The dangers of autocomplete passwords

The dangers of autocomplete passwords

The ability to have an internet browser save and autocomplete your passwords can be incredibly convenient—especially when you have a unique, complex password to remember for each of your user accounts—but this convenience comes with a hidden security cost. Unsurprisingly, hackers have discovered that auto-fill provides an easy way to track your online activity and steal your data.

Why auto-fill passwords are so dangerous

As of December 2018, there were 4.1 billion internet users in the world. Each of these individuals has to create dozens of passwords to protect their accounts and meet the security requirements of the platforms they use—long story short, that's a lot of passwords.

In response, most web browsers have integrated a mechanism that enables usernames and passwords to be automatically entered and saved in a web form. While convenient, the problem lies in the fact that it is incredibly easy to view passwords in modern web browsers. All a hacker needs to do is place an invisible form on a compromised web page to collect users’ login information.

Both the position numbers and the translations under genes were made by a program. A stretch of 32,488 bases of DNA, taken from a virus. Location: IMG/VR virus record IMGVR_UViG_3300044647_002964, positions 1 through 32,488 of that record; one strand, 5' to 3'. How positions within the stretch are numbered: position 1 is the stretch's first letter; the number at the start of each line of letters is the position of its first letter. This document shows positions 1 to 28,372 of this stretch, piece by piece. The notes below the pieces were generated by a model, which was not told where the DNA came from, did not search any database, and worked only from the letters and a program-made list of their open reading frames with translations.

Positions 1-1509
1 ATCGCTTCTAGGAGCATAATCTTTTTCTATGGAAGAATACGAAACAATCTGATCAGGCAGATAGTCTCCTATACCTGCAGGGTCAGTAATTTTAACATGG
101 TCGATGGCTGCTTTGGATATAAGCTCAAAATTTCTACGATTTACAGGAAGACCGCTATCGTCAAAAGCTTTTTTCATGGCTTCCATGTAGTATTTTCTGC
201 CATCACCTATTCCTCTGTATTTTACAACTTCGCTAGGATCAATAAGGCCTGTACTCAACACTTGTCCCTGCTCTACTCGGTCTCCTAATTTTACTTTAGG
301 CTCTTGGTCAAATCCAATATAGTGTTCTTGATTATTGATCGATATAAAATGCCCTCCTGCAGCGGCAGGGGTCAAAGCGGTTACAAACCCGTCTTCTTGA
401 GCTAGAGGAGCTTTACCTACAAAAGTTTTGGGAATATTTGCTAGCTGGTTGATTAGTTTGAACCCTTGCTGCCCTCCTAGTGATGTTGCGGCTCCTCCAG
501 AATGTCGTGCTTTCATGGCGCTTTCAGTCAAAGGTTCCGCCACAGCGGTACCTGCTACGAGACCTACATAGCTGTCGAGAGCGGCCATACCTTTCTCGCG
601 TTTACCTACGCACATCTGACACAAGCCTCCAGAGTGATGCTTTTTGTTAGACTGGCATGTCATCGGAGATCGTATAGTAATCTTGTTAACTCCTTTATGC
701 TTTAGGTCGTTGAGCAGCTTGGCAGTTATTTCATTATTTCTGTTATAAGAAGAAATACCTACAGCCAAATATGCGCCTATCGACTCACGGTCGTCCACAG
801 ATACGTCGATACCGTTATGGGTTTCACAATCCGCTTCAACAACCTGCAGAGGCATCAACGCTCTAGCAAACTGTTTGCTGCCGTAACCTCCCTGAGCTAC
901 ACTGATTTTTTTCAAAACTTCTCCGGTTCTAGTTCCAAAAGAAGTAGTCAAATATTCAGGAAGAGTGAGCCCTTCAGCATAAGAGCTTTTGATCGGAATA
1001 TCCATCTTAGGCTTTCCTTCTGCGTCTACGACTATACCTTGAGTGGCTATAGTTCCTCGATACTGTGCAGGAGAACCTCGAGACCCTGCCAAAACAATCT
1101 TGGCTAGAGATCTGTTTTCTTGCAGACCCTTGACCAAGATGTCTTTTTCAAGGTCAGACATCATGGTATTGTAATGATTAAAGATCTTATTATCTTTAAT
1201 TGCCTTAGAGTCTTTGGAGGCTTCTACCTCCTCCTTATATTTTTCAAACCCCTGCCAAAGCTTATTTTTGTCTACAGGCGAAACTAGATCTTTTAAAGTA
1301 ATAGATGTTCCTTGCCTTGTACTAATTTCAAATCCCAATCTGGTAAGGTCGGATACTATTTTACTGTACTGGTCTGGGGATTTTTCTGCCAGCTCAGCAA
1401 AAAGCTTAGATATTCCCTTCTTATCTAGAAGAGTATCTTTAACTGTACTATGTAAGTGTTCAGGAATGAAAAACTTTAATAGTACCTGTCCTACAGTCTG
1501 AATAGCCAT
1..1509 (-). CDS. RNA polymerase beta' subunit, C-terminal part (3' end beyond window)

Using auto-fill to track users

For over a decade, there's been a password security tug-of-war between hackers and cybersecurity professionals. However, few people realize that digital marketers also use password auto-fill to monitor user activity.

Digital marketing groups AdThink and OnAudience have been placing these invisible login forms on websites to track online activity and sell user data to advertisers. While they've made no known attempts to steal passwords, this raises serious concerns about online privacy.

One simple security tip for today

A quick and effective way to improve your security posture right now is to turn off auto-fill in your web browser. Here's how to do it:

  • If you’re using Chrome – Open the Settings window, click Advanced, and select the appropriate settings under Manage Passwords.
  • If you’re using Firefox – Open the Options window, click Privacy, and under the History heading, select “Firefox will: Use custom settings for history.” In the new window, disable “Remember search and form history.”
  • If you’re using Safari – Open the Preferences window, select the Auto-fill tab, and turn off all the features related to usernames and passwords.

Good password hygiene is an easy and necessary step that end users must take to protect their data from hacks and breaches. Want to learn more about how you can safeguard your business from the ground up with advanced cybersecurity protection? Contact us today.

Source content published with permission from TechAdvisory.org. Source.